By President Randall A. Bach
We learn much about ourselves when under duress or physical threat. Sometimes we learn about strengths we did not know we possessed until put to a test. At other times we discover responses that disappoint us as well as people around us. What causes some people to instantly respond like heroes in a life-threatening crisis while other people wilt under the same conditions?
I assume that many of those natural, impulsive responses defy intellectual analysis and understanding. There are instinctive reactions for which we are unknowingly prewired, without awareness, until called upon. We do not know how we will act in those situations until we are thrust into them.
There are probably many ways we respond to threats, but three stand out to me as frequently common, each of which leads to its own outcome:
Fear is a natural response to avoid danger. When I was a boy, I accidentally knocked a pot of boiling water from the stove. My arm and leg were scalded, and it took months to heal and grow new skin. I developed a healthy fear of hot items on the stove! Not all fear is bad! Fear of what could happen, of people, of threatening ideas, or of unknowns can, however, seize the heart and emotions and freeze the mind. Fear of what could happen can be debilitating. I had an aunt who was better off if she never watched the weather forecast on television. If she saw a tornado warning, even if was for three states away, she would not be able to go to sleep that night because of fear. Unhealthy fear is that which is fatalistic, assuming that the worst can and will happen. Such fearfulness is like a rebuke to God. If He can’t be trusted, then fear will be given freedom to rule – a miserable way of life. Living in fear is like having a form of godliness but denying its power (2 Timothy 3:5, NIV). Interestingly, the antidote for fear is not boldness. Rather, the antidote for fear is love: “Perfect love drives out fear” (1 John 4:18). Living in fear is like living in a prison. Jesus wants to lead a jail break!
I suspect sneering has been encouraged by the Internet and by national leaders who model it as a response to fear. Many people belittle, make light of their fear, bluster, pretend to be impervious to any threat, put down anyone who disagrees, and they do so with a swagger they hope is convincing. Contemptuous and mocking responses to people and their ideas, even if those ideas are considered threatening, are not among options for Christians. Disdain and contempt are toxic to a Christian testimony. How wearying for the world to witness Christians throwing their weight around in such a misguided manner, diving into the mud of sneering, much of which is rooted in fear. Perhaps bullying and bravado will convince others that the person is actually strong and resolute? Actually, sneering is but fake strength. At Jesus’ crucifixion we read, “The people stood watching, and the rulers even sneered at him” (Luke 23:35). Sneering is not what Jesus modeled! It was modeled by people who hated Him. By contrast, real strength consists of conveying respect as a loving ambassador of Jesus Christ.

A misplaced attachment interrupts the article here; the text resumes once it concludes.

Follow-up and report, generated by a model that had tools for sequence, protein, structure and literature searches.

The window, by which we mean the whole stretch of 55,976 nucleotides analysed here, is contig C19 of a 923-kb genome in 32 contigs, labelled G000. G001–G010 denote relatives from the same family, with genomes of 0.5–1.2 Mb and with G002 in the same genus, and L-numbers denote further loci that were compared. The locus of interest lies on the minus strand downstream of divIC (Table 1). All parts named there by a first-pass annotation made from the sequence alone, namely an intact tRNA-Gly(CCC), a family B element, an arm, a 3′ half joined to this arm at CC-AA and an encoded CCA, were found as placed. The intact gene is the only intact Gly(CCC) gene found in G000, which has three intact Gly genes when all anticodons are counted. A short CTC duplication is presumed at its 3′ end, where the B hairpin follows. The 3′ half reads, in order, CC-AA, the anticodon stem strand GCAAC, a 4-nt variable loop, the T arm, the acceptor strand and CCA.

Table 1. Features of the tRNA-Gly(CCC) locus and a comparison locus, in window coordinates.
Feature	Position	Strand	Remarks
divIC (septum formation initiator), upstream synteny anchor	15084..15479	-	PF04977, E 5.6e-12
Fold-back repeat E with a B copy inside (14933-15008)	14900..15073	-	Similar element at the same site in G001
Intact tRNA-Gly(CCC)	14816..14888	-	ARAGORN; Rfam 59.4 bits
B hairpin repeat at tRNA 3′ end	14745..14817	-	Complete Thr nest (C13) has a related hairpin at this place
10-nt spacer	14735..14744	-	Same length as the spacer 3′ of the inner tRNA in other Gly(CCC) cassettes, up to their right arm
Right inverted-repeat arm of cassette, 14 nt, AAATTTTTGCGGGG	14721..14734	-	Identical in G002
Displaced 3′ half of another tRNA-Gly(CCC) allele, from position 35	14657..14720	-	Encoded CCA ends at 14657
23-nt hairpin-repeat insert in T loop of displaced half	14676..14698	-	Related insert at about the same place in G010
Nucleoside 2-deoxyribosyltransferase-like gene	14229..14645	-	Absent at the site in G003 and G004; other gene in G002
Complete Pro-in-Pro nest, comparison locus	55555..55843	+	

Fear is self-defeating. Sneering is self-deluding. Grace is self-effacing. Only grace can liberate. Only grace can encourage. Only grace can empower. Only grace leads to peace, even in the face of threat.
The lyrics of one of the all-time great hymns of the church, “Amazing Grace,” include these words: “‘Twas Grace that taught my heart to fear, and Grace, my fears relieved.” How powerful! When we are enveloped by and immersed in God’s grace, then grace is what should strengthen and flow from us when we are threatened. Grace forms a foundation of depth, strength, humble confidence, trust and dependency upon the Lord, and peace. The Apostle Peter, writing under the anointing of the Holy Spirit to Jewish Christians who had been driven out of Jerusalem and scattered throughout Asia Minor, said, “God opposes the proud but gives grace to the humble” (1 Peter 5:5). In His response to Paul’s frustrations and desire to be freed from limitations, Jesus said, “My grace is all you need. My power works best in weakness” (2 Corinthians 12:9, NLT).
Fear is self-defeating. Sneering is self-deluding. Grace is self-effacing. Only grace can liberate. Only grace can encourage. Only grace can empower. Only grace leads to peace, even in the face of threat. “God is able to make all grace abound to you, so that having all sufficiency in all things at all times, you may abound in every good work” (2 Corinthians 9:8, ESV).
Trusting God and practicing responding in grace rather than fearing or sneering on a daily basis will help us to learn and be equipped for major crises. We don’t have to submit to base and negative instincts. They can be redeemed!